Print  Print © MLB Advanced Media, L.P. All rights reserved.

Crooked Numbers: Rehabs to remember
09/01/2010 10:54 AM ET
The purpose of "Crooked Numbers" is to take a look back at the month that was in the Minors, highlighting some of the curious and absurd incidents that have taken place. Enjoy, and please don't hesitate to get in touch with suggestions.

Have (padded) glove, will travel: Diamondbacks farmhand Alex Herrnberger is currently on the disabled list and has played just eight games this season and 15 in his pro career. But the peripatetic backstop has suited up for five teams at five levels of play within this exceedingly small sample size, including four in 2010.

Most notably, Herrnberger appeared as a pinch-hitter with two different teams on Aug. 3 alone. He was summoned from extended spring training all the way to Triple-A, arriving in Tacoma as a member of the visiting Reno Aces (an emergency move necessitated by the Diamondbacks' trade of catcher Chris Snyder). He collected a pinch-hit double that afternoon in Tacoma and was then assigned to the Class A Short-Season Yakima Bears. He arrived in Yakima in time for that evening's game, popping out in his lone at-bat with the club.

Power surge: Mavericks third baseman Edilio Colina went 389 at-bats without a home run this season, finally connecting for an inside-the-park homer on Aug. 12. The very next day he managed to hit one out of the park, and he blasted yet another dinger on Aug. 29. Both of Colina's fence-clearing blasts came against Rob Musgrave of the Lake Elsinore Storm.

Rehabbing into the record books: Phillies slugger Ryan Howard played for the Lakewood BlueClaws in 2002, driving in 87 runs over 135 games. He returned on a rehab assignment in 2007, collecting four more RBIs to tie the franchise record of 91. Fast forward to Aug. 20, when Howard appeared for the BlueClaws in yet another rehab assignment. More than eight years after first playing for the club, he finally broke the franchise RBI record with a sixth-inning double. As an added bonus, Howard had his No. 29 jersey retired by the BlueClaws in a pregame ceremony.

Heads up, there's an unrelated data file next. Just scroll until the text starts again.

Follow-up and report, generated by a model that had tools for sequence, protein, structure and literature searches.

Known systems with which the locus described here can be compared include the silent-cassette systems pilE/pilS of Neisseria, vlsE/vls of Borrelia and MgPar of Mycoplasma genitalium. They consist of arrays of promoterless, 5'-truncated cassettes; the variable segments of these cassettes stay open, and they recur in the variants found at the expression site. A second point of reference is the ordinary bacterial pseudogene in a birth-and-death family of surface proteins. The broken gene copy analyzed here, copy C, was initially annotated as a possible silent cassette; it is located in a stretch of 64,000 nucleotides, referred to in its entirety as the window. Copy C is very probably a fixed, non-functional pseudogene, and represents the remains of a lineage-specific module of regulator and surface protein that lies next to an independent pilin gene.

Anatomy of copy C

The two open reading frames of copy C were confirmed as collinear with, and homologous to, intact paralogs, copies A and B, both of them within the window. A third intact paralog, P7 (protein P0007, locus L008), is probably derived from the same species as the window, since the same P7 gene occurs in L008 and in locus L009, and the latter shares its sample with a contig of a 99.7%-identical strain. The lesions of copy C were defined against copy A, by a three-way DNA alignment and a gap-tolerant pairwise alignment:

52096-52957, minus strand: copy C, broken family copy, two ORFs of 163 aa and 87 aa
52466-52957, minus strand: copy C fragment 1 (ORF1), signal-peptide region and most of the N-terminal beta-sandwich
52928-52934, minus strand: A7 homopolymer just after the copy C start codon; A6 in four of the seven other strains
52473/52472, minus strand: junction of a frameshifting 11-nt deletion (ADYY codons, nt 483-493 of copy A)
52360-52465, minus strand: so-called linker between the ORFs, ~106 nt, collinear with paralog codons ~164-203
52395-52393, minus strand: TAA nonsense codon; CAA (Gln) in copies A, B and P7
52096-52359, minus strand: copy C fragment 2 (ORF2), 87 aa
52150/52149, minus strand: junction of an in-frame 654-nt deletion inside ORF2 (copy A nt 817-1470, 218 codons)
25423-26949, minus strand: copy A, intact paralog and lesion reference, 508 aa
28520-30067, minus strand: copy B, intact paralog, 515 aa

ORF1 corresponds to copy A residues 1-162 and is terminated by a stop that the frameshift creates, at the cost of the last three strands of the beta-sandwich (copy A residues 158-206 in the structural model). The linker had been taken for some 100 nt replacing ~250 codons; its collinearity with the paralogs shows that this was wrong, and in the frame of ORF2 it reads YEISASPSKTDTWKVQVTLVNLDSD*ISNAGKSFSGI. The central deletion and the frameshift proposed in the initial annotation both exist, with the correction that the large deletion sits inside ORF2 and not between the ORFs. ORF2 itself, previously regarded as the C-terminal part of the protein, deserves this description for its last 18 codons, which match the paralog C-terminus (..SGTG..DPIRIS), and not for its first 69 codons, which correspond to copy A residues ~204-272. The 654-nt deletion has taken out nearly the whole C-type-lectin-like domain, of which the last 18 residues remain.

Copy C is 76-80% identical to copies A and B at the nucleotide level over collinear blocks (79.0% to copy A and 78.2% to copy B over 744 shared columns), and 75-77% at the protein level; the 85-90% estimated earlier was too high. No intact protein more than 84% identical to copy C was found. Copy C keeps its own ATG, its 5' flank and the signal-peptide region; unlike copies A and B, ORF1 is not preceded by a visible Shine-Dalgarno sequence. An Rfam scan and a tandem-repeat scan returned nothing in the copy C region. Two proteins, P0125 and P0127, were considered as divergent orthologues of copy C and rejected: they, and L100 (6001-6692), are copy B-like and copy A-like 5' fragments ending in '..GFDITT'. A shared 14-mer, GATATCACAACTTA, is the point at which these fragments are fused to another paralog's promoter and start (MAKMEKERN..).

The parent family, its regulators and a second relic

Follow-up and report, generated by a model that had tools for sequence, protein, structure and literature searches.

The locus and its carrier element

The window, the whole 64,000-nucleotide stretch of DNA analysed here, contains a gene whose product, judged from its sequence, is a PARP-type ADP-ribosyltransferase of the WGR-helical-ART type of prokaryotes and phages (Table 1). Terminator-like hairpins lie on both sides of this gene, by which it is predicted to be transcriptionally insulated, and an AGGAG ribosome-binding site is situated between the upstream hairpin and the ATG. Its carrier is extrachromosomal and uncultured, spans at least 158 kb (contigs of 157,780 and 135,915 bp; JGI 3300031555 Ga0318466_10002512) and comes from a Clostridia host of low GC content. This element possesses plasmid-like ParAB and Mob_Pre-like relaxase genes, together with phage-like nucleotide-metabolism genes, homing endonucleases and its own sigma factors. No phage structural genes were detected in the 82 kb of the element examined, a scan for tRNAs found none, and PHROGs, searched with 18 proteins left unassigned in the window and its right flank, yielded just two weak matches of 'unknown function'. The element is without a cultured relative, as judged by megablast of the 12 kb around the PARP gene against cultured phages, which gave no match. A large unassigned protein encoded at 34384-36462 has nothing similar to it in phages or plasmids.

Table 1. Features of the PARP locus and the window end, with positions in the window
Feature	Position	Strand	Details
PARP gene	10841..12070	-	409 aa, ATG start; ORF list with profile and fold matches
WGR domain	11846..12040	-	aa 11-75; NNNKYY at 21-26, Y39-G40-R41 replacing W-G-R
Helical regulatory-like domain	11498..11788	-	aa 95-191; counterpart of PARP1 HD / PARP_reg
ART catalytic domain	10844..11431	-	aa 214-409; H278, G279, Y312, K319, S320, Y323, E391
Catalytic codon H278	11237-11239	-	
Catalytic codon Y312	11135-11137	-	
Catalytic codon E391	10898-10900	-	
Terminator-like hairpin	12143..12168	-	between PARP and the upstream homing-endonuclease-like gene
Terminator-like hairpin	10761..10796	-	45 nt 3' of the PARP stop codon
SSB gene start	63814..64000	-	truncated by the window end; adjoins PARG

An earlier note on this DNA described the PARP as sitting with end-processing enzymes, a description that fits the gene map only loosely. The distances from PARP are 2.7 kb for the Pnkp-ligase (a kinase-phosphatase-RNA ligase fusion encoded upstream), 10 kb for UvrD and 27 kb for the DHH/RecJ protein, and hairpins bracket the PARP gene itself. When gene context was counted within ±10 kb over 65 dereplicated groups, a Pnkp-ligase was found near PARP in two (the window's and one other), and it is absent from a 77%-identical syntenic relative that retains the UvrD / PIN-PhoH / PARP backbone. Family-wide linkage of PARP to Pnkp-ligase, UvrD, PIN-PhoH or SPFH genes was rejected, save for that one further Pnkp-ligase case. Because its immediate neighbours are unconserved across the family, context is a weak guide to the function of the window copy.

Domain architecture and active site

Rehabbing into the record books, part II: When Lou Montanez was called up to the Baltimore Orioles in 2008, he was in the midst of a club-record 19-game hitting streak with the Bowie Baysox. The outfielder extended that streak to 21 games during a 2009 rehab assignment from Aug. 11-12, and after another rehab assignment this August, it now sits at 23. "Who knows? Maybe someday down the road I'll come back and keep it going," said Montanez, who currently plays for Triple-A Norfolk.

When it rains...: The Mobile BayBears committed four errors during their 10-2 loss against Chattanooga on Aug. 24. And not only were all four of these errors committed in the same inning, but they were charged to the same player! The fumbling fielder in question was Sean Coughlin, whose quartet of miscues at first base led to seven unearned runs. The nightmare frame was not indicative of his season as a whole, however, as Coughlin has experienced no other multi-error games and has committed just eight overall this season.

What goes around comes around: In the span of just five days, the Sacramento River Cats managed to blow an 11-run lead and overcome an 11-run deficit. The agony of improbable defeat occurred Aug. 7 as the 'Cats roared to a 12-1 lead after five innings before allowing the Albuquerque Isotopes to slowly chip away. The Isotopes scored five runs in the ninth to tie the game at 12-12, and Ivan DeJesus Jr. delivered an RBI single in the 12th to seal the dramatic comeback.